WAILUKU, Maui — Families of people held at the Maui Community Correctional Center are calling for accountability over concerns that the overcrowded jail isn’t taking adequate measures to protect their loved ones from COVID-19.
Among other concerns, families say that the MCCC is violating requirements put forth in the Hawaii Correctional System Oversight Commission’s September report, like social distancing between bunks. The commission, which was put in place in 2019 but has never received money to hire staff or carry out its duties, has authority to set inmate population levels.
But practicing social distancing is nearly impossible inside the MCCC, a Wailuku jail with an occupational capacity of 301 that held 303 inmates as of last week, a DPS population report shows.
Forty-three inmates have COVID-19 at the MCCC, according to Department of Public Safety data released Friday. Forty-four people are currently in medical isolation and 211 are in quarantine, the DPS data shows. About half of Maui’s 42 new cases are part of a cluster at MCCC, the Honolulu Star-Advertiser reported Sunday.
“It’s always possible” that COVID-positive inmates come in close contact with the jail’s general population, said Hawaii Department of Public Safety spokeswoman Toni Schwartz.
“We haven’t made any secret of the fact that our facilities are overcrowded, and we do our best to try and separate them as best as possible,” she said. “But it’s always a possibility that offenders might come in contact with other offenders who later have been determined to be tested positive.”
One inmate says he was relocated to a cell with COVID-positive inmates after receiving his first shot of the vaccine.
“They’ve exposed me to it basically,” Wade “Kalani” Nakoa, who is currently being held at MCCC, told his fiancee, Nicole Ottersen, in a phone conversation Friday. Civil Beat was allowed to monitor the conversation but did not participate in the call due to prison rules that prohibit three-party conversations.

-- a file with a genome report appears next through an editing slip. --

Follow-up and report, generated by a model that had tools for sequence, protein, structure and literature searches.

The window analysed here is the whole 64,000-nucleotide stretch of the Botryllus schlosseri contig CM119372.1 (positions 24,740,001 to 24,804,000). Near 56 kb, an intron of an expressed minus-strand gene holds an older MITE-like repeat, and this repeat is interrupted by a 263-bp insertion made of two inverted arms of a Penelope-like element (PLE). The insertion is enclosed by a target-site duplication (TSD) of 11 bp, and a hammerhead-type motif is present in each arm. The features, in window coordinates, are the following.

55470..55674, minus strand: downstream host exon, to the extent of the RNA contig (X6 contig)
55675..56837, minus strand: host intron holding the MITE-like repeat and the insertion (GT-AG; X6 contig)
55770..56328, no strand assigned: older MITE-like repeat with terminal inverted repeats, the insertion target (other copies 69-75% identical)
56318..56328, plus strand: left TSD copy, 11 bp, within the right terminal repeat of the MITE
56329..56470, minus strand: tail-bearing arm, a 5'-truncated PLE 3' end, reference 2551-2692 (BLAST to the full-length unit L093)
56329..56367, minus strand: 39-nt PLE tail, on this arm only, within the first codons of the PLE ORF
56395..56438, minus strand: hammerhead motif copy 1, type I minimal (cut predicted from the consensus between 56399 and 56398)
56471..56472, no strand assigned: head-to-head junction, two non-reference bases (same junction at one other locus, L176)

“If I didn’t have it before, I probably have it now. But I got the first round of the vaccination so I got a little bit of help,” Nakoa said.
After Nakoa got his first shot in late February, he began feeling body aches, chills, and a headache, so he asked for medication like Tylenol, he said.
He says prison staff took it that he was complaining he was sick, so they sent him to a new two-bunk cell where he has been sleeping on the floor because there were already three inmates there when he arrived. “At no time” are the beds 6 feet apart in the cell, Nakoa said.
Other inmates who receive the vaccine are also “ending up down here,” Nakoa said, because they show side effects of the vaccine and COVID-19 antibodies on an antigen test.
Nakoa said he doesn’t know when he will be released from the COVID-positive cell and that prison staff are not giving him much information.
Nakoa told Ottersen in the phone call that he knew he could face repercussions for having his remarks appear in the media, but he thinks people need to know what the inmates are facing. “We’re just voicing our concerns on how we’re being treated down here.”
Three people Civil Beat contacted would not speak on the record or allow printing their jailed family member’s name, citing fear of retaliation against their family members from authorities inside the jail.
Asked if inmates face retaliation from correctional officers for talking about the COVID-19 situation inside the jail, Schwartz said, “No.”
Kahealani Cramer worries about her husband, Robert Cramer, who, she said, is currently in “the hole but they’re using it for quarantine.”
Robert reported there being “four of them to a cell,” Cramer said. “They have one mask, one-layered, they have to hand-wash it. They only have soap to shower. Hot water for the shower only got on three days ago.”
After Cramer wrote on Facebook about what she’d heard from Robert, he was put on the “shit list,” she said. “He’s been in there 11 days, and he’s got no laundry.”
Schwartz said that inmates are issued two masks upon entry; “have frequent supply” of soap, disposable paper towels, and hand sanitizer; and have laundry done “every Tuesday and Thursday, every day but each module is different.”
Angelika Serafica said that her son, Christopher Jenkins, reported being put in a quarantine cell after a COVID-positive inmate was put in the same van on their way to the court. Afterward her son tested negative, Serafica said, but he was put in a cell with three other men, two of whom were positive.
“He finally tested positive on the 28th,” she said. “Now they’ll let him go after 10 days because they know he’s not contagious. Basically they forced him to get sick before they let him out. It seems like they’re practicing herd immunity,” she said, adding, “He feels that they purposely gave him the virus.”
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